When economists are expecting 100,000 or so net new jobs, and the Labor Department reports measly gains of just 18,000 (plus an increase in the unemployment rate to 9.2 percent), the reaction sounds like this:
– “All in all, an employment report with no redeeming features whatsoever – employment, unemployment, hours and wages all disappointed.”- Barclays
– ”The June jobs report was a shocker. It was far worse than expected, and weak on all key dimensions – job creation, unemployment, the length of the workweek, and hourly earnings. The recent pattern of jobs suggests that the economy hit a brick wall in May.” — IHS Global
– “Overall the June Employment Report was quite disappointing, with basically no positive offsets to the poor headline results.” — Goldman Sachs
– ”The June employment report was universally weak and undoes the modest improvement in the economic data we have seen over the last two weeks. We are back where we started; the risk of a cold summer, similar to last year, is palpable.” — BofA Merrill Lynch
– ”It is hard to excuse this report on supply-chain disruptions and it suggests that growth momentum evaporated as the second quarter drew to a close.”- RDQ Economics
– ”Unfortunately, leading labor market indicators like temporary help employment, aggregate hours worked and first-time jobless claims remain weak and thus do not suggest an imminent reacceleration in the labor market.” — MKM Partners
Indeed, if the labor force, which shrank again, was as big as it was when President Obama took office, the unemployment rate would be north of 11 percent. As it is, the broader U-6 measure surged to 16.2 percent from 15.8 percent. But with an economy growing at just 2 percent or so, expectations should be low. If the economy picks up in the second half, so should job growth.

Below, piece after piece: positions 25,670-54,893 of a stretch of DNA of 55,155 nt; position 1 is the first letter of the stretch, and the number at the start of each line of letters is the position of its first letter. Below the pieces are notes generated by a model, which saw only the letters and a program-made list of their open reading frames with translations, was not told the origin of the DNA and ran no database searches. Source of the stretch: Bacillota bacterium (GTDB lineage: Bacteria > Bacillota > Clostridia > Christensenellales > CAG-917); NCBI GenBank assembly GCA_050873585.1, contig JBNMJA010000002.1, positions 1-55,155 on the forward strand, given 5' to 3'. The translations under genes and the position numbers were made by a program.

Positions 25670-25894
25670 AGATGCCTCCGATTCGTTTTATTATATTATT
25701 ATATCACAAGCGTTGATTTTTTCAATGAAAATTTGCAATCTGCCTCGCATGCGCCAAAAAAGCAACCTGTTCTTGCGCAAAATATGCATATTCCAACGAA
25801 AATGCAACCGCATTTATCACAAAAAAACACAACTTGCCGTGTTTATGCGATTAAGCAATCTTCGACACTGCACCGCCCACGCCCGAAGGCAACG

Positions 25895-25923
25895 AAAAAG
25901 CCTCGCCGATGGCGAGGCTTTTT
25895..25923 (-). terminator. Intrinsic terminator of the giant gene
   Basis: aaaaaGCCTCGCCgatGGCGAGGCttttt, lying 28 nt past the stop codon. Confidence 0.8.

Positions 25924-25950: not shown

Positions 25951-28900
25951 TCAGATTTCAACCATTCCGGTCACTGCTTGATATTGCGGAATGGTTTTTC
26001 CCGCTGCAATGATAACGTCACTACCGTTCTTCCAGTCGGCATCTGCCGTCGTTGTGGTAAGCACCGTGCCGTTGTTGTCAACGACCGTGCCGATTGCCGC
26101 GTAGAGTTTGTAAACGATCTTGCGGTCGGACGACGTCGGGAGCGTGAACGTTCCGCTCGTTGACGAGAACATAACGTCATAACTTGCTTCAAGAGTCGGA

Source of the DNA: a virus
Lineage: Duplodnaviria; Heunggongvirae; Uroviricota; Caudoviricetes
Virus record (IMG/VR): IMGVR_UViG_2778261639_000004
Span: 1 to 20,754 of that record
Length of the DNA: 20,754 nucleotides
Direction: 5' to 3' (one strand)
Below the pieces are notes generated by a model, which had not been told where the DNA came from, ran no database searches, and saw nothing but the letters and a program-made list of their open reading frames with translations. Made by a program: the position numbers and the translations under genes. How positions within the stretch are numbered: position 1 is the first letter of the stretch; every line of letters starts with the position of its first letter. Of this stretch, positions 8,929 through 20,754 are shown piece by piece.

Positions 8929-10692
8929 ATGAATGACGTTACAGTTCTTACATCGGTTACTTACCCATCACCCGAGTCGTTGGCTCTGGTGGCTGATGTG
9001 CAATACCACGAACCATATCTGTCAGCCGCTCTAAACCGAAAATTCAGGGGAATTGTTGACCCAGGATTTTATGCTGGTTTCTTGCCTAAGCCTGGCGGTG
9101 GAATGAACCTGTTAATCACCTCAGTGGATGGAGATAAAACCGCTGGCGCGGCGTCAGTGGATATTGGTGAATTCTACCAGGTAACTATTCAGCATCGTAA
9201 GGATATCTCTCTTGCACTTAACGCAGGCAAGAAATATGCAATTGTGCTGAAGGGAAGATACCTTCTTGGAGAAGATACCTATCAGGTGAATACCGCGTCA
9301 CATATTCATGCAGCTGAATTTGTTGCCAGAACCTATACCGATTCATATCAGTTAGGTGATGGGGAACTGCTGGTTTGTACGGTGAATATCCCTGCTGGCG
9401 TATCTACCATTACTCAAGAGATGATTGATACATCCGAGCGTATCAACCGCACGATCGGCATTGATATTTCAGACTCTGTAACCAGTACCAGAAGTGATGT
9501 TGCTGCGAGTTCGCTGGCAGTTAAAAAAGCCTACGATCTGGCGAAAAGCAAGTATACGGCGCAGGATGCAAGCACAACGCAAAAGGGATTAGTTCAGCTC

But we have a long way to go before getting the unemployment even back to 8 percent or so by Election Day 2012, needing some 255,00 jobs a month. Obama’s political team seems to think the unemployment rate does not matter. We shall see. At his new conference today, Obama offered plenty of excuses, including blaming uncertainty over the debt ceiling:
We’ve always known that we’d have ups and downs on our way back from this recession. And over the past few months, the economy has experienced some tough headwinds — from natural disasters, to spikes in gas prices, to state and local budget cuts that have cost tens of thousands of cops and firefighters and teachers their jobs. The problems in Greece and in Europe, along with uncertainty over whether the debt limit here in the United States will be raised, have also made businesses hesitant to invest more aggressively. The economic challenges that we face weren’t created overnight, and they’re not going to be solved overnight.
Hardly the stuff for a soul-stirring campaign ad. A few other observations:
1) Will Obama now make a renewed push for a payroll tax cut extension to be part of the debt ceiling negotiations?
2) Will Tim Geithner leave sooner rather later to be replaced by someone with a job-creation background like GE’s Immelt or Facebook’s Sandberg?
3) Will Rs dig in even further against raising taxes?
4) Will Obama’s approval numbers fall below the plateau they’ve sort of been stuck on (not counting the OBL bounce.)
5) Will the weak economy nudge another GOPer to get into the 2012?